IdentityForce Logo IdentityForce Logo
Protect What Matters Most.
Posted on April 22, 2015 by in Identity & Privacy, Personal

You know the feeling: After hearing about a neat new app, you do some research and find out it’s fantastic. Maybe it tracks your business expenses perfectly, serves up a stress-busting daily yoga pose or easily keeps your kids’ afterschool schedules updated.

But before you zip past the terms and conditions and press “download,” take a moment to consider app privacy. Some apps collect user information, such as location and Web browsing history, in a rather stealth manner. This data is gathered mainly to push advertising to mobile users. However, depending on who’s buying the information, there may also be privacy risks that could lead to identity theft.

Fortunately, there are effective ways to enhance app privacy for cell phones and other devices:

  • Read before you download: The terms and conditions included with apps are usually so long that most people skip them. But they’re worth a closer look. These agreements include your permission to access certain types of information on your device, including phone and email contacts, device location, calendar data, and even call logs. Some apps access only what they need to function—such as a GPS app that taps into your location data — but others gather data that’s not needed for the app. Try to opt for the apps that collect the least amount of information.
  • Check the developer’s reputation: Even if the terms and conditions seem non-intrusive, do some research to confirm that the developer or company producing the app is legitimate. App stores may include information about who created the app along with links to that person or business. Visit the website to confirm contact information, including an email address for support issues. App fraud and scams are increasingly becoming a concern, so do your homework, especially when investigating banking or financial apps.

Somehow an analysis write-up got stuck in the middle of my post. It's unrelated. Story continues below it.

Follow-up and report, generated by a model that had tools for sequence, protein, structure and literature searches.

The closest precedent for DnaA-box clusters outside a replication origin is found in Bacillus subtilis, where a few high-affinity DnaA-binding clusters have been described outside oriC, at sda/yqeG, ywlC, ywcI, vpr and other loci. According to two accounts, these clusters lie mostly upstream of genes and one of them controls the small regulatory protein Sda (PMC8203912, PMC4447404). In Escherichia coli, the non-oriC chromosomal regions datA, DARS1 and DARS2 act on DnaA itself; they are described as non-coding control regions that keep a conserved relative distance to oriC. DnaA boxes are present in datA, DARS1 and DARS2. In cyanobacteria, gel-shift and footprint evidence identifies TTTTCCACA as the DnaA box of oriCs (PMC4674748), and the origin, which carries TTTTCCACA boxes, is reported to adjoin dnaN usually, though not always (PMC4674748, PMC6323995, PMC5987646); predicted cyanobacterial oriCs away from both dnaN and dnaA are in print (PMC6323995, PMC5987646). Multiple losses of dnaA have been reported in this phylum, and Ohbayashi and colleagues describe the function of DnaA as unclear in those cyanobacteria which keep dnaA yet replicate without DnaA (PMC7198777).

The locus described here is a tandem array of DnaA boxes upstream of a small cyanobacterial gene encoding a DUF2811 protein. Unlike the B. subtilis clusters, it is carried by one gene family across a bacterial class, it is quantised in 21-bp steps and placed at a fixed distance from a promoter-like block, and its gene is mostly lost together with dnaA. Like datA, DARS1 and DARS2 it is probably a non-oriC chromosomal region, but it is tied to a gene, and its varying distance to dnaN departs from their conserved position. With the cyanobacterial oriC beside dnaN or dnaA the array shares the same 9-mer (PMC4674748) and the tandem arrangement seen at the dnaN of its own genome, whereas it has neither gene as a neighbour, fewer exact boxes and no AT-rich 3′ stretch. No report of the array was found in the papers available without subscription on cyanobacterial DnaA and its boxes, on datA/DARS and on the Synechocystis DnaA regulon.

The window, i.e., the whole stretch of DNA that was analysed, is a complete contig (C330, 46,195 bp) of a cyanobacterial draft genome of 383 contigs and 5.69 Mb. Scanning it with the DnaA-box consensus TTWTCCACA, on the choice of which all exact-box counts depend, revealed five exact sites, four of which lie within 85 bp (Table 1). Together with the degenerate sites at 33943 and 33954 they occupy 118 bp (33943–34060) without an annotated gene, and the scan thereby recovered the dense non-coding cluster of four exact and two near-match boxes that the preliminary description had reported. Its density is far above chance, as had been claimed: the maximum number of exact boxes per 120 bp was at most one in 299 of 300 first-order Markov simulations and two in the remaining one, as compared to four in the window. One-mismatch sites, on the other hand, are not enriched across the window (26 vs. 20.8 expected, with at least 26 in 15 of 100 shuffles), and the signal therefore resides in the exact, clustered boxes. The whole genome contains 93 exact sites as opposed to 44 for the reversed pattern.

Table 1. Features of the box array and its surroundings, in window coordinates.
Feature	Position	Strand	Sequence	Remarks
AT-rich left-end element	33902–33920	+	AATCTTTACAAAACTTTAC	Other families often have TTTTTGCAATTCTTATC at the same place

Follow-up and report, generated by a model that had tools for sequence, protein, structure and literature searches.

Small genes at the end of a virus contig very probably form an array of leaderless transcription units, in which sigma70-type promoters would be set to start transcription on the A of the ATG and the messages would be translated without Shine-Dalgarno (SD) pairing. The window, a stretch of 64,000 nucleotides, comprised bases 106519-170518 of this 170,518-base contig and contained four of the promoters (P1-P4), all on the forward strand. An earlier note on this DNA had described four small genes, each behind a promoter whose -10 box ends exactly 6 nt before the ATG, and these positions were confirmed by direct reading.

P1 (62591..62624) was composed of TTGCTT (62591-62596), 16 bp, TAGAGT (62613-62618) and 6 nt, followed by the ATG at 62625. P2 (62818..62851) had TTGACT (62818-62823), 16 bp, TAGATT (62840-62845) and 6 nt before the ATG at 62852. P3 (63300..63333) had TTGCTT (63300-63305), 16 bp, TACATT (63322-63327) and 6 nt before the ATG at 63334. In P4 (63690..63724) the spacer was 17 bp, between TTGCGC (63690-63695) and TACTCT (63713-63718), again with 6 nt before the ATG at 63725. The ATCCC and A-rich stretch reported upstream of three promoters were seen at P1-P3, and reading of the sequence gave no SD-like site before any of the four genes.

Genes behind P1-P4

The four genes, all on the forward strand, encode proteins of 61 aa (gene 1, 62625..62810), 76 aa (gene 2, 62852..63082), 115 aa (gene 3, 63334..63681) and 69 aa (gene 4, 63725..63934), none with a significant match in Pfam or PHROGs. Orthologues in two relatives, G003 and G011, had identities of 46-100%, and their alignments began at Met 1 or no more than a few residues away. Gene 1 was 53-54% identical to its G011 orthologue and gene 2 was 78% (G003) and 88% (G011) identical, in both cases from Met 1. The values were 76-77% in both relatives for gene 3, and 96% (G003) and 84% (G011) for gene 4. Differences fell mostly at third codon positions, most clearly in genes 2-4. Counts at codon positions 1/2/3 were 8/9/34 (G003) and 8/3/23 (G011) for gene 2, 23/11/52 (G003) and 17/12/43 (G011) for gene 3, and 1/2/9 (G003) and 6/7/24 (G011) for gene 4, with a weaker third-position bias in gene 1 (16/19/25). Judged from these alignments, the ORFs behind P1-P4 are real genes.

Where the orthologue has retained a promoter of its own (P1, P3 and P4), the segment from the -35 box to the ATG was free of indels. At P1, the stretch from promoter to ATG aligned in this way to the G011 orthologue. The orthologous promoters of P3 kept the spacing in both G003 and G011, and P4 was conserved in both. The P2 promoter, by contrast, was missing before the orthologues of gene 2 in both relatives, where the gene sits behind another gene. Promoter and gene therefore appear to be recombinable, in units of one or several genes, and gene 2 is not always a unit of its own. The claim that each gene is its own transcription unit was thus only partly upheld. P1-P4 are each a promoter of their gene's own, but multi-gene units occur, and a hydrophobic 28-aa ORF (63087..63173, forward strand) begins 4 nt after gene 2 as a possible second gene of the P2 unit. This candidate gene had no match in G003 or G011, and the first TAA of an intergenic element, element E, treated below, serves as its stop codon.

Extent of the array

• Read reviews: User and media reviews often deliver insights on app usability issues and glitches, and may also be helpful for spotting larger app privacy concerns. For example, you can find reviews about kids’ apps that not only give information on what kind of data is being collected, but also bring up privacy and security concerns you may not have considered.
  • Update your security: Some malicious apps take advantage of flaws in older operating systems, especially those that haven’t been fixed with a software update. Always stay on top of security patches and updates, since these can prevent a number of privacy-related issues.

Many apps are great little programs that can be fun and useful. But before downloading the newest and hottest app, consider device and cell phone privacy to make sure you’re not opening yourself up to unnecessary risk.

Image courtesy of Flickr user Kārlis Dambrāns.